It’s Passover again, beginning at the full moon of the springtime lunar month of Nisan in the Hebrew calendar, and my apple tree usually blossoms now, though this year it seems to be a little late. Passover often falls close to Easter. Passover is to me the best Jewish holiday. The best memories, the best food, the best ritual—the Passover seder means the ritual order of telling the story of Passover with sweet wine, bitter herbs, matzoh and apples, a roasted shank bone, a roasted egg, parsley, salt water, and prayers and songs, which we can hold in our own homes, and lead our own ceremonies.
There is something healing about saying the same words over every year, and every year the story of Passover becomes richer and deeper. At heart, it is a timeless story, of freedom from bondage, from darkness to light, emerging from the narrow places and embarking on a journey.
We read the Haggadah together aloud, the prayer book that tells how the Israelites were released from slavery in Egypt. Towards the end of the seder, we read that “each age uncovers a formerly unrecognized servitude—requiring new liberation to set man’s soul free.” That line always inspired me. This timeless, cyclical ritual affirms that humanity is evolving. However, this year I have to ask, are we evolving, or devolving?
“We’ll go down in history as the first society that wouldn’t save itself because it wasn’t cost-effective,” is a quote attributed to Kurt Vonnegut, the novelist. Well, maybe we aren’t the first—a similar story is told about other civilizations that misused their power, like the Anasazi and Atlantis. Our technology is doing us in, while promising that it will make us more competitive. For example, we knew we could have gone with ethanol instead of leaded-gasoline to fix engine knock, but you couldn’t patent ethanol, so we flooded the planet with lead.
But in truth we know now that we can save the planet, cost-effectively! The most important and devastating report of the 21st century from the world’s 150 top scientists of the Intergovernmental Panel on Climate Change, that includes those from the worst oil-producing countries, was released this week, and shows that we can avoid raising the temperature of the planet beyond the point of catastrophe, and, that it can be done cheaper with wind, solar, reforestation, and methane reductions, than with fossil fuels and nuclear power. All that is missing is… the political will to do so.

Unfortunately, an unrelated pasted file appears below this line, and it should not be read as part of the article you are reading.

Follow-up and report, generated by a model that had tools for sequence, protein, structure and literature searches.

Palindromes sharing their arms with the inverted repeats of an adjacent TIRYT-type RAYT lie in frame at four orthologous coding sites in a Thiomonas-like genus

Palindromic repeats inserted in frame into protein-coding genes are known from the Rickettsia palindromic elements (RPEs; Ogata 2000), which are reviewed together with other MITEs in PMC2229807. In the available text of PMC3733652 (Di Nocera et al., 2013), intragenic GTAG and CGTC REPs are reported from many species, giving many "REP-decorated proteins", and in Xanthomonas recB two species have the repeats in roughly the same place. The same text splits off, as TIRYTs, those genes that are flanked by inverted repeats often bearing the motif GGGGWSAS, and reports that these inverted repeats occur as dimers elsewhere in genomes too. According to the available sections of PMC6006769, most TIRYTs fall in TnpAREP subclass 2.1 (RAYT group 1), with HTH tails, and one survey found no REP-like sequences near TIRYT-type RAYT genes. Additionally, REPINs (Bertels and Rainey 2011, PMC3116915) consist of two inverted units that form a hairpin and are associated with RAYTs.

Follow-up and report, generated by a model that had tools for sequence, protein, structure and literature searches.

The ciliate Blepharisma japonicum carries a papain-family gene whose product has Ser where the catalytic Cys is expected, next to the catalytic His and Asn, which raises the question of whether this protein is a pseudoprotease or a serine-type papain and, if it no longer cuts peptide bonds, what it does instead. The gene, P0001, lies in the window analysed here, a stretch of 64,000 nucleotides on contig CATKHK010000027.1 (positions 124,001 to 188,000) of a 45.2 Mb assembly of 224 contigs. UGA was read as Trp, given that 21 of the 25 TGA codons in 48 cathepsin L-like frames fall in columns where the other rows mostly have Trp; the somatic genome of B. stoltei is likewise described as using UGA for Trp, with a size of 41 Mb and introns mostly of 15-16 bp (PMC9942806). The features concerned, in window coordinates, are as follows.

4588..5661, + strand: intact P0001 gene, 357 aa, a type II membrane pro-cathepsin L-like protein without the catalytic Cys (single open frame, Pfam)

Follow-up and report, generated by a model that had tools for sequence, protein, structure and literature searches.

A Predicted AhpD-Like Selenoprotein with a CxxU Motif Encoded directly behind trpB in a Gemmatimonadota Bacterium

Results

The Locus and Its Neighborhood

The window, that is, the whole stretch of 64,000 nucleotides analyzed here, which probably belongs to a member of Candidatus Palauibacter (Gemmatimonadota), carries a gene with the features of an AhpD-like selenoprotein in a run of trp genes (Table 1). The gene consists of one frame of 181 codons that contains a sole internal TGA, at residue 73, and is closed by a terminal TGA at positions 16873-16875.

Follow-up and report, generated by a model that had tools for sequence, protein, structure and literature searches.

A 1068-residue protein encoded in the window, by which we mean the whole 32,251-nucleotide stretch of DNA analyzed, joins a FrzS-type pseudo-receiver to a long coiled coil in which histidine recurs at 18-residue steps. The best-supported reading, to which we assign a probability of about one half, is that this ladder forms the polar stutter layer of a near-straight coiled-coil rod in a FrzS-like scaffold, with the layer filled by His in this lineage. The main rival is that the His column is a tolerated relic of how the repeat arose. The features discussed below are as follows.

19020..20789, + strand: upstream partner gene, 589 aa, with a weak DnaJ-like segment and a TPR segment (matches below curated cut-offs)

Harmony has become increasingly out of tune, the music is going faster and faster and we dancers simply can’t keep up. The rich get richer, the poor get poorer, and now the stock market is careening towards a reckoning with inflation. We have a death wish disguised as ambition.
While there is an increasing sense of powerlessness and loss of control, we do need to inoculate ourselves against propaganda. The new big threat is that, with advances in artificial intelligence, computers can now spit out plausible essays—perhaps even smoother than this one. What does this means? As we churn through the next presidential election cycle, we will be exponentially flooded with false information, deliberately intended to increase polarization in this country—provocations seemingly from both the right or the left—a technique perfected in Russia—and tensions here will rise to an all-time high. At the least, we can remain aware of that.
I always have the nagging feeling I’m never doing enough. My friend, a psychologist and son of Holocaust survivors, told me his philosophy of life is, if I remember correctly, for him that the purpose of life is to do whatever you can with whatever you’ve got, to the best of your ability, to offer as much of yourself, despite whatever problems you might have.
Even if we may not be able to control our destiny, we can choose how we face it. Viktor Frankl, survivor of four concentration camps, taught this and helped a lot of people in the camps to not commit suicide there. He later wrote a book, “Man’s Search for Meaning,” that millions more have read. At base, we have the freedom to choose how we face life, and in that way not just be a victim of circumstances.
Anna S. Redsand wanted to help the students she was counseling in Cuba, New Mexico, who were giving in to despair and drugs. She wrote a book for them and other young people, “Viktor Frankl, A Life Worth Living” (Clarion Books, 2006). Frankl became a pilot in his late 60’s, and in a lecture to youths, she wrote that “he told how, in a crosswind, a pilot must aim the plane higher, or farther north, than his goal in order to reach his actual destination. He said it was like this with human beings. If we expect something higher of ourselves, we will reach what we are actually capable of. If we aim only for what we are capable of, we are likely to achieve beneath our abilities.” This is a challenge to us, to do better.
This should make overachievers feel good that, even if they never achieve their most grandiose goals they will have contributed to the healing of the world, rather than adding to its problems. This is the task before us that Jews call Tikkun Olam, repairing the world. I think we can do this. We have to.